3 keys to Xero’s business success

There have been three keys to the success of cloud accounting software firm Xero and its business model, according to its HR manager Chris Regan.

The first key has been the leadership and vision of Xero’s founder Rod Drury, who Regan said has been central to creating the company values, an open, genuine and transparent leadership style as well as a relaxed, design led working environment.

“One of my favourite things about Rod is that he encourages us all to take risks and thereby at times, make mistakes,” said Regan.

“In other organisations a mistake can be held against you; at Xero it’s acknowledged, often celebrated because the individual tried and then swiftly we move on.”

Similarly, good leadership throughout the business at every level has also been key to the business’ success, said Regan, who has been with the business for just over one-and-a-half years.

“The first 12 months in my role was challenging,” she said.

“If there is a problem with cultural fit or a performance issue we call it out early and don’t shy away from making the tough decisions”

“While the culture was great, the absence of HR in Australia meant that there were some performance issues bubbling away under the surface which we then needed to manage swiftly.

“The managers flagged the issues and then stepped up with my support to address them. At times we had to make tough calls, which in the long term helped not only the business performance but the culture,” she said.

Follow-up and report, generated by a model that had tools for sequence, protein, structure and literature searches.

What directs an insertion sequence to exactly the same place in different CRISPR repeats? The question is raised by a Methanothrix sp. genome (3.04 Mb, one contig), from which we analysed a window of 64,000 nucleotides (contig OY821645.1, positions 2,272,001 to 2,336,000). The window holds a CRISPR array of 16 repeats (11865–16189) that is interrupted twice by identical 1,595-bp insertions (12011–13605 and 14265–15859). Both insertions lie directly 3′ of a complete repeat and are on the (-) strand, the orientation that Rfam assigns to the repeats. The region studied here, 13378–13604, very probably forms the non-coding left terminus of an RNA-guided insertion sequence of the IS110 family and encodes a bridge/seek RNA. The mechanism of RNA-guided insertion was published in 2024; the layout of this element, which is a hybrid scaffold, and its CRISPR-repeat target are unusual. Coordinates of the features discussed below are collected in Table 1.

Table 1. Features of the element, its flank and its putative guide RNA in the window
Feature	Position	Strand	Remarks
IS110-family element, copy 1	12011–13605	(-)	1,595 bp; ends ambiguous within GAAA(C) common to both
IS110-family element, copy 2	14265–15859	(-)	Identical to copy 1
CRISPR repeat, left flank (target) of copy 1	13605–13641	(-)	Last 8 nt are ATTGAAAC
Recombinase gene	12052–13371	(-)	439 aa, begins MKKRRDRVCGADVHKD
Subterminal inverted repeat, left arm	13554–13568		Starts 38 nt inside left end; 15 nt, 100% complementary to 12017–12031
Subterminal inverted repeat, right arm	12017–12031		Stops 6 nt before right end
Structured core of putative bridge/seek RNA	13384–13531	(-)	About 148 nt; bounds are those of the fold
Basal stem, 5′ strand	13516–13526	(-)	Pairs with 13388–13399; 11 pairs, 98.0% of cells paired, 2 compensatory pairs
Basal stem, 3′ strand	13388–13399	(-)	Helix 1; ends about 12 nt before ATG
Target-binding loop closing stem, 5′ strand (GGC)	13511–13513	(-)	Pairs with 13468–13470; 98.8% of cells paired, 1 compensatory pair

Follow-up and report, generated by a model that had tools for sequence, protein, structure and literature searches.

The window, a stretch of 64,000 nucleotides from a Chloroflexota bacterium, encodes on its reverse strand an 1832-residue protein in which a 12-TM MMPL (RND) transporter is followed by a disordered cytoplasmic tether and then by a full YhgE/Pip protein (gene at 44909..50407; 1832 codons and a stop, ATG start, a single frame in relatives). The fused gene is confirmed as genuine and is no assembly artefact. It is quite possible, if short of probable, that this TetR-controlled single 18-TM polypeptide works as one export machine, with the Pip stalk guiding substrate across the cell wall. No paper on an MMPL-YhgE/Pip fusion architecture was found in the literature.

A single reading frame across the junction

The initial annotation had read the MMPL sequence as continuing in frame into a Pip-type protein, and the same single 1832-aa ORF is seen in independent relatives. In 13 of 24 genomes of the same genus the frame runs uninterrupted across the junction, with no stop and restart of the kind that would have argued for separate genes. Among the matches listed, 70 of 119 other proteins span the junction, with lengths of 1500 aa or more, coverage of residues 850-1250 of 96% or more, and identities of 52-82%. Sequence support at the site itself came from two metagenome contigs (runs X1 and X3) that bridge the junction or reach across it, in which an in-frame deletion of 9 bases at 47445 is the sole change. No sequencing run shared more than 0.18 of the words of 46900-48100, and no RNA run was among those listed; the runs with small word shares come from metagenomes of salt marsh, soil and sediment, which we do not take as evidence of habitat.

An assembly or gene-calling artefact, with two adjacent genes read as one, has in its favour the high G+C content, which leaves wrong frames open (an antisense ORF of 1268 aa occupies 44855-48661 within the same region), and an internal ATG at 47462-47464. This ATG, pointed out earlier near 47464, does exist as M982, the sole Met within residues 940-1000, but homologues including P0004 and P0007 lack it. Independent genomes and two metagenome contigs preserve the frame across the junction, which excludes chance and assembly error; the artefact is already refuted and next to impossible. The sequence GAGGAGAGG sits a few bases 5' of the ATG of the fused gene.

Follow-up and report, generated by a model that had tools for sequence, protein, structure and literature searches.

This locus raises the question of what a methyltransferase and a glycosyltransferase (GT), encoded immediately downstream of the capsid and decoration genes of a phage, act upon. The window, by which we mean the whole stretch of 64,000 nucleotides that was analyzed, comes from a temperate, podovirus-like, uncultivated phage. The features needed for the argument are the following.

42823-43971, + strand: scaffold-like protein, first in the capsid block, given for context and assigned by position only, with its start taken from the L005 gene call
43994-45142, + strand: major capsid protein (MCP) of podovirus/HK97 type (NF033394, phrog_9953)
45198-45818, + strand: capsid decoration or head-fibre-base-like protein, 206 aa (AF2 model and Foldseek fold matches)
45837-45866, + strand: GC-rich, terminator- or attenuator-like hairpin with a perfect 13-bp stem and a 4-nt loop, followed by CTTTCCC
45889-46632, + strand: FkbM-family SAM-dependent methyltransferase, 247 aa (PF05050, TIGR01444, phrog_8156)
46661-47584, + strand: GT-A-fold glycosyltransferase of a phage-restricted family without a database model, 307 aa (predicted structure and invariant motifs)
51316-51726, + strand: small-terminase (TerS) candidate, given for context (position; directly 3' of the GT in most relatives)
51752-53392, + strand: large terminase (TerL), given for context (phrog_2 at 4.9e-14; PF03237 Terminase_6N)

Globally, the current focus is on ensuring the right leadership is in place to take growth to the next level, which includes further developing Xero’s presence in the US market and making a number of key appointments in San Francisco.

A third key to the success of Xero is its culture, and Regan said the business has a very open culture where people will talk to her, MD Chris Ridd or any of the leadership team if staff members believe an issue needs to be addressed.

“That’s really precious, it’s something that has to be earned and we don’t take it for granted,” she said.

“We make our culture and staff engagement a priority. A key part of this is having a strong alignment between the MD’s vision and that of HR.

“Chris sees things the same way that I do; if you recruit the right people with the right attitude and core values (who therefore fit your culture) and you look after them, then the rest will take care of itself.”

Regan said it is important to recruit the right people and hire not just on technical skill sets.

“If there is a problem with cultural fit or a performance issue we call it out early and don’t shy away from making the tough decisions,” she said.

“Otherwise we would be sending the message that poor performance or behaviour is tolerated and that, put simply, is a culture killer.”

For the full interview with Regan, see the next issue of Inside HR magazine.